Thursday, August 11, 2005

Various notes: Nazis, 'South Park,' Lincoln, etc.

Dobson under fire: Dr. James Dobson has received plenty of criticism for his on-air remarks comparing embryonic stem cell research to Nazi practices, which I did as well. In a WSJ piece, David Gelernter makes a fool of himself by ripping Dobson (though he also rips Dobson's critics).

Gelernter claims that Dobson "proved that he lacks sufficient control to be pitching in the major leagues of public discussion and ought to be sent back to the minors." Why is this so? Gelernter first cites some morally trivial differences between Nazi research and ESCR (which was Dobson's point: The differences are morally trivial, which is why the comparison is valid). His more central point is that Nazi "doctors" and ESC researchers have vastly different motives (incidentally, another morally trivial difference).

With regard to today's ESCR supporters, Gelernter writes, "Is Dr. Dobson so small-hearted that he can't cut such people a little slack? Can't concede that they are acting out of love, even if their conclusions are wrong?"

What?! Who says Dobson can't concede the good motivations of those pressing for ESCR? (Helping sick people...their stated motives are quite obviously good.) Give me a break. In reality, Dobson wasn't comparing motives. He was comparing practices, and saying they're morally equivalent - which they are.

But I don't want to be too hard on this op-ed. David Gelernter's analysis "shows incomprehension, not malice." But he has proven that he needs to "be sent back to the minors" - and off the WSJ editorial page.

'South Park Conservatives' and the faith of Ann Coulter: Marvin Olasky writes about "South Park" conservatism vs. a biblical approach. While Olasky acknowledges that the tough, often sarcastic and satirical talk of the "South Park" people can be necessary to successfully communicate the truth, we should remember that God himself combines absolutely perfect justice with amazing grace. "South Park" conservatives can go too far. Christian conservatives need to be tempered by an awareness of God's grace and combine their conviction with compassion.

Olasky quotes two outspoken conservatives not known for their diplomacy, yet who, with these words, seem to back away from "South Park"-viciousness by acknowledging Christ:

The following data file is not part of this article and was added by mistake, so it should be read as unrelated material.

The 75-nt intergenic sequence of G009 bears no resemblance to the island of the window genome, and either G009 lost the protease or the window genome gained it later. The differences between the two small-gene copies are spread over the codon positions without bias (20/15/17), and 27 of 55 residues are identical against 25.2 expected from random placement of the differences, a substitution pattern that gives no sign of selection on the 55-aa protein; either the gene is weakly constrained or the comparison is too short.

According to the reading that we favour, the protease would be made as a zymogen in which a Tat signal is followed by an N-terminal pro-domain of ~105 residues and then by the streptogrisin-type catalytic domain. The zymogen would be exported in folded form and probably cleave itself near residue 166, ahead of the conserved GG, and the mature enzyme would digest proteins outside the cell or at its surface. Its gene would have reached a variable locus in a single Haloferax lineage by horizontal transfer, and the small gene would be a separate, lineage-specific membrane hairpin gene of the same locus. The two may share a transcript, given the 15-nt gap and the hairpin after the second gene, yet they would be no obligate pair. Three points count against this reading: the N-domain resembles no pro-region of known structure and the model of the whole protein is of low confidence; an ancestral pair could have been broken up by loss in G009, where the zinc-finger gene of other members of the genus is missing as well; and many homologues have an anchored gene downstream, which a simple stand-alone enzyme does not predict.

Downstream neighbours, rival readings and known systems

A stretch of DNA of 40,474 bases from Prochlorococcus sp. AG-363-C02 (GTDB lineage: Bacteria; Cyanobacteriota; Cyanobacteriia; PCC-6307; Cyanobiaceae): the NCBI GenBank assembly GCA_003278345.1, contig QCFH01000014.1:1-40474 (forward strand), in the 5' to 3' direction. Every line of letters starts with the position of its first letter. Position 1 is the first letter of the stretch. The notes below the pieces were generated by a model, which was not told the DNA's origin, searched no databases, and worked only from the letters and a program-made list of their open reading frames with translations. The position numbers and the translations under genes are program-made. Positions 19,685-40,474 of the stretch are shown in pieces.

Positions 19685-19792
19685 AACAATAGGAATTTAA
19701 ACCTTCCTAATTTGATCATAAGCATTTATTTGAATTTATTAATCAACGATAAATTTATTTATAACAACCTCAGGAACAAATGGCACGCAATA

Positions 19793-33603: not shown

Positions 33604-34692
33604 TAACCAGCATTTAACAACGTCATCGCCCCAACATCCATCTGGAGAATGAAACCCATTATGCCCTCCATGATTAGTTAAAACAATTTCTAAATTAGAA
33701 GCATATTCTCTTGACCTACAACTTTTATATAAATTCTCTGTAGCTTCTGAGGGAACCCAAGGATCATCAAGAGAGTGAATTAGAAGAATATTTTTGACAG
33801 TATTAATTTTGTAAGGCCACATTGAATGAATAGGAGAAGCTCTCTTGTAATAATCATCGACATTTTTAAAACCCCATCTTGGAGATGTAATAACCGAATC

Have the courage to have your wisdom regarded as stupidity. Be fools for Christ. And have the courage to suffer the contempt of the sophisticated world. -
U.S. Supreme Court Justice Antonin Scalia

Christ died for my sins, and nothing else matters. - Ann Coulter

Admittedly, such a statement from Coulter is a bit surprising. I don't l
ike all her methods, and she's not afraid to use profanity. I found the Time cover story on her a few months ago disappointing. And everyone wonders whether some of what she does is an act.

But her statement about Christ is encouraging, and her rough, hilarious tactics can be powerful and necessary. Indeed, I love most of what she says and writes. If she can temper her steadfast conviction with compassion, she'll be golden. And she won't be a vulgar, "South Park" type.

America: Flawed but still beautiful:
Thomas Sowell debunks criticisms of Abe Lincoln and the Emancipation Proclamation. A glance at the circumstances, Sowell says, shows that Lincoln shrewdly did what he must to advance the cause of freedom most effectively, and he ought to be praised.

I'd also like to plug this fun new book on American History - a book that actually tells it like it was. (I've heard great things about this book as well.)

On the Bush presidency: Peggy Noonan writes about how the Republican base continues to stand by President Bush - despite his failure to adhere to certain conservative principles.

As Noonan puts it, "Among conservatives there is rising frustration over immigration, government spending, and the gradual, slow-mo, day-by-day redefining of what modern conservatism is and what the Republican Party stands for that has taken place during the Bush presidency. That is in fact the big, largely unspoken fact of the Bush presidency."

Thus, "Republicans are on the verge of a great struggle." And yet, "the president continues to be supported and appreciated among the Republican base."

Why? Because he's done a lot of things right. Because he's our war president; because he's a regular guy; because he's a "real" man; and because he stands for what he believes in. Despite his mistakes, we love the guy. I for one definitely wish the president would do some things differently, but (especially compared to possible alternatives) he's a great man and a great American leader. (And I think Noonan is right in surmising that his leadership following 9/11 and the lack of any further terrorist attacks on American soil is the number one reason for the support he has.)

Update: Still, the GOP has been spending like drunken sailors, as everyone likes to put it, and that's upsetting. And with a GOP-controlled Congress passing through all this pork, our GOP president just isn't willing to reject any of it. That's a shame.

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